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In this chapter, we have introduced many of the fundamental concepts related to understanding differentiation and the diffusion of innovations within the context of monopolistic competition. The key points are the following:
- Monopolistic competition involves many buyers and sellers of products that are closely related, but not identical where entry and exit are easy. It is the dominant form of competition.
- Entrepreneurship is the best method for competing in monopolistically competitive environments. Entrepreneurship involves engaging in a risky endeavor with continuous creation and re-creation of a new enterprise, a new product, or a new idea.
- Radical innovation tends to replace existing ideas, products, services, and processes. Incremental innovations involve smaller improvements in ideas, products, services, and processes.
- Technology life cycles and the product life cycles are used to understand the diffusion of technologies and products.
- Diffusion is the acceptance, adoption, and awareness of a technology or a product by individuals.
- The diffusion of a technology usually lags the performance of a technology and this can be understood using Moore and Metcalf’s laws.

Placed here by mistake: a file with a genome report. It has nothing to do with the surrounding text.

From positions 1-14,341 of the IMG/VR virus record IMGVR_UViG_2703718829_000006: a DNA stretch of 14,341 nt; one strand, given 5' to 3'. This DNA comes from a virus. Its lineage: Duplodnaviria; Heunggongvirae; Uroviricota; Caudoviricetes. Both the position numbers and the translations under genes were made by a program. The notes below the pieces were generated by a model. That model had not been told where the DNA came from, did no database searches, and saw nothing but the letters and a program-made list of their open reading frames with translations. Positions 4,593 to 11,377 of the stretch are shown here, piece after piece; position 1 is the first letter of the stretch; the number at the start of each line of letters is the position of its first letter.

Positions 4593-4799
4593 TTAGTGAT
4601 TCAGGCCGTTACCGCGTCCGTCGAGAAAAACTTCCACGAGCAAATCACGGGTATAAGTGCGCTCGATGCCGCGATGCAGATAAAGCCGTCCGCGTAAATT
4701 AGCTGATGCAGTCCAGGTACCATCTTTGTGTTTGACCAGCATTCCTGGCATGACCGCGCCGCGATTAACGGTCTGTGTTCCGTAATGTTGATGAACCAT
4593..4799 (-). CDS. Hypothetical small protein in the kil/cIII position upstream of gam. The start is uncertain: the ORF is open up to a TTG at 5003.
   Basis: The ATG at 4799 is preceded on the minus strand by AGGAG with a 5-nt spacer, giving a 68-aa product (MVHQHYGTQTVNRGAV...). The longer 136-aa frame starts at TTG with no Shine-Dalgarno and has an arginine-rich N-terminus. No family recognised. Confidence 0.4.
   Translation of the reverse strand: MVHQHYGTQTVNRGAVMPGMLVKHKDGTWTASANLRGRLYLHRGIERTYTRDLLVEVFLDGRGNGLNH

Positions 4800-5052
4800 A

- The Bridge model is a useful way to understand discontinuities in the technology life cycle where problems can occur.
- R&D activities are present in large and small organizations, they are just implemented differently.
- Learning-about involves searching, reading, inquiry, and synthesis. Learning-by-doing involves making and building things. Learning-about and learning-by-doing are the foundation of R&D.
- Developing a strong supply chain and a strong brand through marketing are critical for delivering differentiated products and services.
This chapter has illustrated the foundational concepts for competing in the current marketplace. Subsequent chapters will build on this foundation and present additional details on how to accomplish differentiation and innovation through product and services versioning.